Texas businessman sells company because of ObamaCare

This is a rush transcript from "The Kelly File," November 1, 2013. This copy may not be in its final form and may be updated.

MEGYN KELLY, HOST: We have been asking for your ObamaCare stories this week and we have been flooded with them on facebook.com/thekellyfile and on Twitter @megynkelly, use the #kellyfile. People have been writing in nonstop including Bill Lawrence, who is a former owner of a successful car wash company that he built from the ground up 22 years ago.

He wrote to us. His post reads, "Megyn, I know you don't read every one of these, but my story rings so true to what you have been reporting on. On June 26, my partners and I had to sell our company because we couldn't afford the almost $400,000 in either penalties and fines or insurance premiums that we would have to pay as a result of ObamaCare."

Well, we did read his Facebook post. We read virtually all of the other ones. Bill Lawrence joins me live now. Bill, thank you so much for following us and for sharing your story with us. I understand you built the company from the ground up. You employed 290 people. You sold the business, you say, because of ObamaCare? Why?

BILL LAWRENCE, FORMER BUSINESS OWNER: Well, Megyn, we were forced to take about 200 of our associates and either provide them health insurance coverage at a significant cost or more likely pay the penalty if they didn't go into the plan or pay a higher penalty if they went into the exchange. The math was somewhere around $400,000. We just don't have those margins to pay that type of penalty.

KELLY: So when people have been talking about a lot of employers will do the math and say it is cheaper to send them to the exchanges and pay the penalty versus pay for the insurance, they forgot the other option which is, or an employer might say, I cannot afford either option. I'm getting rid of my company.

LAWRENCE: Megyn, it was sad because back in March in anticipation, we started taking our employees to part-time associates under 30 hours.

KELLY: For the reason stated in the piece we did.

LAWRENCE: Absolutely.

KELLY: When you sold the business, did the new employer keep the staffers and did the new employer start doing any of the things you had to do in terms of part-time work?

LAWRENCE: Megyn, I don't know exactly for sure. I believe that they are taking the staff to a part-time basis. We were doing it because -- we started doing it in March because you have a certain look back period in which you have to average what the employee looks like, are they full time or part time.

KELLY: Right. It doesn't just start like, OK, on this date forward you have to --


KELLY: Start insuring people. You have to consider the look-back the law will have.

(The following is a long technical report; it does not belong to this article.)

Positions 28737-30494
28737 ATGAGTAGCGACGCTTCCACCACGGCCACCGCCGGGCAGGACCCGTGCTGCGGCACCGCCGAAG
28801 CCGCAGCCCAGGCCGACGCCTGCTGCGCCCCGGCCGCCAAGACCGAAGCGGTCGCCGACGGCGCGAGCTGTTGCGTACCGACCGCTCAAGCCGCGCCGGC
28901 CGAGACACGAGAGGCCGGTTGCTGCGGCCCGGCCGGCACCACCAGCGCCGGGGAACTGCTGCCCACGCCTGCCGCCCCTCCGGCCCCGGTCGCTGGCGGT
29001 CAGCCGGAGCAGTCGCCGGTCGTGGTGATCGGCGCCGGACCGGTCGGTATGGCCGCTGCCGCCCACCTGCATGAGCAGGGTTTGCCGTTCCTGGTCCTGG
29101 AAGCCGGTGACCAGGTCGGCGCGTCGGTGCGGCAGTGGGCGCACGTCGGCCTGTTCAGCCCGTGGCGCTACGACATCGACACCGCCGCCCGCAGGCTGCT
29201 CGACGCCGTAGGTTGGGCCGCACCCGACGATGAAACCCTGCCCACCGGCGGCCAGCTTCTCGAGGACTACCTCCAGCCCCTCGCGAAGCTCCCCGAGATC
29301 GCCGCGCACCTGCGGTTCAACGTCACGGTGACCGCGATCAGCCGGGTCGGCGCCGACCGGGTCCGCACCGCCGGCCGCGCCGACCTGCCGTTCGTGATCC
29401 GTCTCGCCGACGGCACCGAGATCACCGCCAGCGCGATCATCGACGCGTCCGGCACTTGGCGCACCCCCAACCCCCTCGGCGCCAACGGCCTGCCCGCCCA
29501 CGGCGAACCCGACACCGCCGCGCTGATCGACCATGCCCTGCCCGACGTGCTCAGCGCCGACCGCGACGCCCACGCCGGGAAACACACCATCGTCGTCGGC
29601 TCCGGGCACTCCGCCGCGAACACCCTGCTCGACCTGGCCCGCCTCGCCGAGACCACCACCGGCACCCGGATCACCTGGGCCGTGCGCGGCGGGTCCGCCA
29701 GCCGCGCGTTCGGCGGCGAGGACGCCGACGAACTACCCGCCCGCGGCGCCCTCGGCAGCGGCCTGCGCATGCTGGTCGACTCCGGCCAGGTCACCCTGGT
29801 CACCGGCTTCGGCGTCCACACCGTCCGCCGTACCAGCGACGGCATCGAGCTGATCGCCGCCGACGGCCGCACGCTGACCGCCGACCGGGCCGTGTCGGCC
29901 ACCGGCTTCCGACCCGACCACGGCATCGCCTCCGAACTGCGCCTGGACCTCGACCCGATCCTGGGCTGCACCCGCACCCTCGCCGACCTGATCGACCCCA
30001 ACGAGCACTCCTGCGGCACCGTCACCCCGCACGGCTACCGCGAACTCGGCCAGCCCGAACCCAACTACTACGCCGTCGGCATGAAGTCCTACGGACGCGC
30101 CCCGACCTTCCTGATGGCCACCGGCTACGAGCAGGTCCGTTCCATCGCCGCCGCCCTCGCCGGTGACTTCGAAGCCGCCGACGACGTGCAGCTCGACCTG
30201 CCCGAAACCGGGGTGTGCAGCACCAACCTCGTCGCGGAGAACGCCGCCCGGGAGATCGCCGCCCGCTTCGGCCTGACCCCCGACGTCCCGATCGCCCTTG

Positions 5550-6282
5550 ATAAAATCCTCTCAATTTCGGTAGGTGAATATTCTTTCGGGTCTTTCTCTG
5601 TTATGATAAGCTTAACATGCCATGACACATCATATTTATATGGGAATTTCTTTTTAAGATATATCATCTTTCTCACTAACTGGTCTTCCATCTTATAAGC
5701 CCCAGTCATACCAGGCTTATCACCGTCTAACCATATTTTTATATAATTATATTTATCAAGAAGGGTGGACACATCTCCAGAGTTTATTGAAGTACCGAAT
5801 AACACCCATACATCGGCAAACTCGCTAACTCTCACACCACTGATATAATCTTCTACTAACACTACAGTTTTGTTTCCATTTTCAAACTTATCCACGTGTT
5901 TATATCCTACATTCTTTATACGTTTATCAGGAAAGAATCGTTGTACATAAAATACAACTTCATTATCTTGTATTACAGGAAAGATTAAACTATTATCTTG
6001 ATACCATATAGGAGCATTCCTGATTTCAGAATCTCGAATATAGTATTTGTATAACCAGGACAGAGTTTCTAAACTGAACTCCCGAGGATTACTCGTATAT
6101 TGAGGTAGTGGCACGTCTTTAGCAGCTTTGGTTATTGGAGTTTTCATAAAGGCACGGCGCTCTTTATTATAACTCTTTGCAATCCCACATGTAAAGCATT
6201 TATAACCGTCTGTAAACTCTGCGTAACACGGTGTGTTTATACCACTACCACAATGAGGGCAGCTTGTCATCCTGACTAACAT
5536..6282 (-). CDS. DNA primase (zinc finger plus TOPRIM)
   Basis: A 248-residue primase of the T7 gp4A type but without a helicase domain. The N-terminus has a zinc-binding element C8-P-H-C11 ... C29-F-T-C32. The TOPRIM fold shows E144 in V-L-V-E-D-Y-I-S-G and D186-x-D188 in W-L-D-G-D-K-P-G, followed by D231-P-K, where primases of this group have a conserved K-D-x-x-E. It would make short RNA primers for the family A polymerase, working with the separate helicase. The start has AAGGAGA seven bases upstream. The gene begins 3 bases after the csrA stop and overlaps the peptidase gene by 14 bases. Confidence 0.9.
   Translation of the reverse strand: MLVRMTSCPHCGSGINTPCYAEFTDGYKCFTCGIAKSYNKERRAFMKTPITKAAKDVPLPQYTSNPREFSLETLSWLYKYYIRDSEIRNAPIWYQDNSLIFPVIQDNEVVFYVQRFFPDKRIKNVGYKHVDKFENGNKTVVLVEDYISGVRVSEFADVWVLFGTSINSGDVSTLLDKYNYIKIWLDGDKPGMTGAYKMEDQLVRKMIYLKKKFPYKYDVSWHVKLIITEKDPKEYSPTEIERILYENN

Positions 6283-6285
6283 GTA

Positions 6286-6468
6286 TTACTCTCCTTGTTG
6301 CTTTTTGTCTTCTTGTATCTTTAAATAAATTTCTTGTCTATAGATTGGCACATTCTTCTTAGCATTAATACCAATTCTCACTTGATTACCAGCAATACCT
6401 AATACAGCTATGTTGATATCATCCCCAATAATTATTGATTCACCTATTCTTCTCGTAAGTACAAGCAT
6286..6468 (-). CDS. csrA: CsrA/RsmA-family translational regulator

LAWRENCE: Right. There is a look-back period so we started doing it. Megyn, sometimes what people don't talk about is what is the effect that has on the associates? They still have to feed their families. They still have to provide income for their households. Now they are working two jobs. What happens to the quality of their life?

KELLY: What happens to the people you were insuring? While many of the employees weren't getting insurance, some were and now they have lost their jobs with you and lost the plan you were offering, I take it.

LAWRENCE: Well, the company that acquired us agreed to keep most of the employees if not all of the employees. I don't know that all of the employees have continued with them. We had a high percentage of people who had been with us for many, many years. I don't know if they continued to stay on with the new company.

KELLY: Bill, I know that you built up the car wash company up, Bubbles Enterprises, the aptly named Bubbles Enterprises. You paid your employees more. They worked at the car wash. You paid them above minimum wage thinking I will give them extra for something like health insurance. You thought that got it done. The government disagreed. Your thoughts on having your livelihood directly affected based on what politicians in Washington felt was best for you.

LAWRENCE: Megyn, well, most of the people we employed were young males in great health, who didn't want insurance and can't afford it. Now the government will penalize and fine them, make them get health insurance. It's just a train wreck waiting to happen.

KELLY: I know in addition to being a successful businessman you are a Republican. You raised money for some Republicans in the past. Is this a partisan thing about disliking President Obama?

LAWRENCE: No. It has nothing to do with President Obama. This law is not a good law. I have never seen a set of laws that have impacted small businesses the way this law has, everything from the regulatory process to hiring consultants, just so you understand what the law is. We know that our congressmen and senators didn't read it. How are we supposed to understand it?

KELLY: Thank you for being here, Bill. Goodbye to Bubbles Enterprises. I know you sold it to Mr. Carwash, so hello to him. Thanks for sharing your story.

LAWRENCE: Thanks, Megyn.

KELLY: We want to hear your ObamaCare stories, good, bad or in between. So far, we have received thousands of them. Two nights in a row we have had real people on who tweeted their stories or updated posts on facebook.com.

So you can go to facebook.com/thekellyfile or you can send me a tweet me @megyn kelly, #thekellyfile. We are reading them. I read them, many of them, personally on my iPhone, on my way home, on my way to work. I hear a lot of the stories. We are interested in what you are going through. Keep them coming.

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